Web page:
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United States Department of Agriculture

Agricultural Research Service

Research Project: EFFICIENT MANAGEMENT AND USE OF ANIMAL MANURE TO PROTECT HUMAN HEALTH AND ENVIRONMENTAL QUALITY

Location: Food Animal Environmental Systems Research Unit

Title: How the use of properly weighted data can aid in the selection of sorption models

Authors
item BOLSTER, CARL
item Tellinghuisen, Joel -

Submitted to: SERA-IEG 17 Bulletin
Publication Type: Abstract Only
Publication Acceptance Date: June 17, 2010
Publication Date: July 2, 2010
Citation: Bolster, C.H., Tellinghuisen, J. 2010. How the use of properly weighted data can aid in the selection of sorption models. SERA-IEG 17 Bulletin.

Technical Abstract: The use of unweighted least-squares (ULS) regression is the most common method for fitting models to P sorption data; however, recent studies have shown that the assumption of constant variance inherent in ULS is unlikely to be valid for most P sorption studies. Furthermore, in most sorption studies both dependent and independent variables will have uncertainty associated with them, therefore the traditional approach of weighting sorption data solely by the inverse of the variance in the dependent variable is not a suitable regression method and in some cases may actually yield poorer parameter estimates and uncertainties than ULS. In this study we examine the role of proper weighting in the LS analysis of P sorption data when both the dependent (y) and independent (x) variables contain heteroscedastic errors by calculating an effective variance function which specifically accounts for correlated errors in x and y. We show that by using properly weighted data, the value of the weighted sum of squared errors follows an X(squared) distribution and therefore can be used as an objective criterion for assessing model fits. We also show how visual inspection of the weighted residuals can further improve the analyst’s ability to objectively make model comparisons. Using this approach on multiple data sets we show that the Langmuir model is rarely, if ever, the best model to use for assessing P sorption to soils.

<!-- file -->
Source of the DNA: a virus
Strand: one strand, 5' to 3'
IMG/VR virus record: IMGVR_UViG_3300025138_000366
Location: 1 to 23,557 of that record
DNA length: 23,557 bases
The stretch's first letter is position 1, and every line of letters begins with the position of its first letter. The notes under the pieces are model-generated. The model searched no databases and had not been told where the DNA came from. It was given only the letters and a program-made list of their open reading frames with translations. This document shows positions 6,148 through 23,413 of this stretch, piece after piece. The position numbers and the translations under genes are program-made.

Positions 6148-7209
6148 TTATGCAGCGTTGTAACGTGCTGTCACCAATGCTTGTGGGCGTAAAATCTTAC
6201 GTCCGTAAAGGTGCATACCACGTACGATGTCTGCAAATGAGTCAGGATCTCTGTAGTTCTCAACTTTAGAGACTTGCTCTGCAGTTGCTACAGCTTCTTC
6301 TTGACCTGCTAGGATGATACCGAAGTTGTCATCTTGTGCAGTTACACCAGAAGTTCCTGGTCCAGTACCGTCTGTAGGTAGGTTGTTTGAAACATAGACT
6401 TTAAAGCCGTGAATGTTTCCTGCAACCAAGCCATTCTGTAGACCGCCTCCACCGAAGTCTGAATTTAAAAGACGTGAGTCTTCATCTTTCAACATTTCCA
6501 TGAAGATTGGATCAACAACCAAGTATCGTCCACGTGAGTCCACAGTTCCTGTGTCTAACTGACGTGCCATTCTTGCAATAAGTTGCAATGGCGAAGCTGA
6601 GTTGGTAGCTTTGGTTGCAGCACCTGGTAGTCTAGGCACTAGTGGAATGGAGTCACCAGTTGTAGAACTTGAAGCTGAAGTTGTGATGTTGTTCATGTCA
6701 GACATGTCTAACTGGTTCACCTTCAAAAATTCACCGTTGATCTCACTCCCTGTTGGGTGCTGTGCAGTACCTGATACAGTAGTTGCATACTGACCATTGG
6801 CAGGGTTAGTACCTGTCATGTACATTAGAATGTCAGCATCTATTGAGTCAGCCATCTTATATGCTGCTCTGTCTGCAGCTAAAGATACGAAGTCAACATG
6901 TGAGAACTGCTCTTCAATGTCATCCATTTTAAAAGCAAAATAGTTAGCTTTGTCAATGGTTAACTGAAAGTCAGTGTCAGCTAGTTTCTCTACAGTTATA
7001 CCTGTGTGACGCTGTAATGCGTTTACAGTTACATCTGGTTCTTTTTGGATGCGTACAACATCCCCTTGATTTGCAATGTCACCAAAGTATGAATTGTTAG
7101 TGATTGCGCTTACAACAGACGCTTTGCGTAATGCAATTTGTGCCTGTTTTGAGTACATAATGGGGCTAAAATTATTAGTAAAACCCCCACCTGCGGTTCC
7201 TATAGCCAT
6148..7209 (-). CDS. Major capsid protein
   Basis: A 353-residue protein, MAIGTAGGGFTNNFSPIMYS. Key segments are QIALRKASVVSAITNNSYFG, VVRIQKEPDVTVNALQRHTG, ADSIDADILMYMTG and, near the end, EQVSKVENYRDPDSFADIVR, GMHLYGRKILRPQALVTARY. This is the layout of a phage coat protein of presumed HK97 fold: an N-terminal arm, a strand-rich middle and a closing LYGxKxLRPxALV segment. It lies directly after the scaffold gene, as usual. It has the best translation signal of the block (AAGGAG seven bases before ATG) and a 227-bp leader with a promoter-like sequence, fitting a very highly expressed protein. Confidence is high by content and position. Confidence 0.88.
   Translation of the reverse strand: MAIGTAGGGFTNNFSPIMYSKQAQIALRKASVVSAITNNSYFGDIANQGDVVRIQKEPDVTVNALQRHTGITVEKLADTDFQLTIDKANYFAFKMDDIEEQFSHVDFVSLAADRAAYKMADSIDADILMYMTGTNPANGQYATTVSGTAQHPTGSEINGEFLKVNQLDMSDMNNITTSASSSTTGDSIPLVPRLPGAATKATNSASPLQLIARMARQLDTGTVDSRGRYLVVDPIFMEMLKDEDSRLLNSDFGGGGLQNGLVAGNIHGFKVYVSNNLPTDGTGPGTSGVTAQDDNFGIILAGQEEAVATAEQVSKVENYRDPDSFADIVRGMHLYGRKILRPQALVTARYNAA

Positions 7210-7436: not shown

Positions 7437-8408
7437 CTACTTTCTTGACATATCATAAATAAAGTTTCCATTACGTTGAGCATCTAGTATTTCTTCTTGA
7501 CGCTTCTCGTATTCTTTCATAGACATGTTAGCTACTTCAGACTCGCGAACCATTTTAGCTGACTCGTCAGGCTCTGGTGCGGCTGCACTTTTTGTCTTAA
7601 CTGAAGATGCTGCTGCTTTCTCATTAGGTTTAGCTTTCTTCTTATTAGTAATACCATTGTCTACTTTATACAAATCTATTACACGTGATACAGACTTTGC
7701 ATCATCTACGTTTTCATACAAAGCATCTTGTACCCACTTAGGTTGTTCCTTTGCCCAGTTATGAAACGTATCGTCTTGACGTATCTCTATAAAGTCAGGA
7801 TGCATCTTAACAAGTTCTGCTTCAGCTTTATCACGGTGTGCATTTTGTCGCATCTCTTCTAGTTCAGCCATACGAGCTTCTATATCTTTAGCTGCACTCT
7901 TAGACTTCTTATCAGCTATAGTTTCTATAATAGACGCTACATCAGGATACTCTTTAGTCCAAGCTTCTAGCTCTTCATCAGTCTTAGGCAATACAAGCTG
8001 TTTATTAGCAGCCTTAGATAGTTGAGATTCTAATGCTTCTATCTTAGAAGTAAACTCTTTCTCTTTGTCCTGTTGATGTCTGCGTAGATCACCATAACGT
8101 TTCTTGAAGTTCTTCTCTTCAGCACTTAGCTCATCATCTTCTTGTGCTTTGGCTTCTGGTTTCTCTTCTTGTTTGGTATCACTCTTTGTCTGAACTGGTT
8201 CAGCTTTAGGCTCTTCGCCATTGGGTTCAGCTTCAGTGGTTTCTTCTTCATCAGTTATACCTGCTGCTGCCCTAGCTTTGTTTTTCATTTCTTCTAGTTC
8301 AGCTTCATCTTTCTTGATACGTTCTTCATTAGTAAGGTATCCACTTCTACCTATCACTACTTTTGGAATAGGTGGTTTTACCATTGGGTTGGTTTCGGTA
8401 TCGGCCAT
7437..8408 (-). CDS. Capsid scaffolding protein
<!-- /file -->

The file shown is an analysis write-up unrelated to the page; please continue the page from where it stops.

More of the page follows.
Last Modified: 7/25/2014
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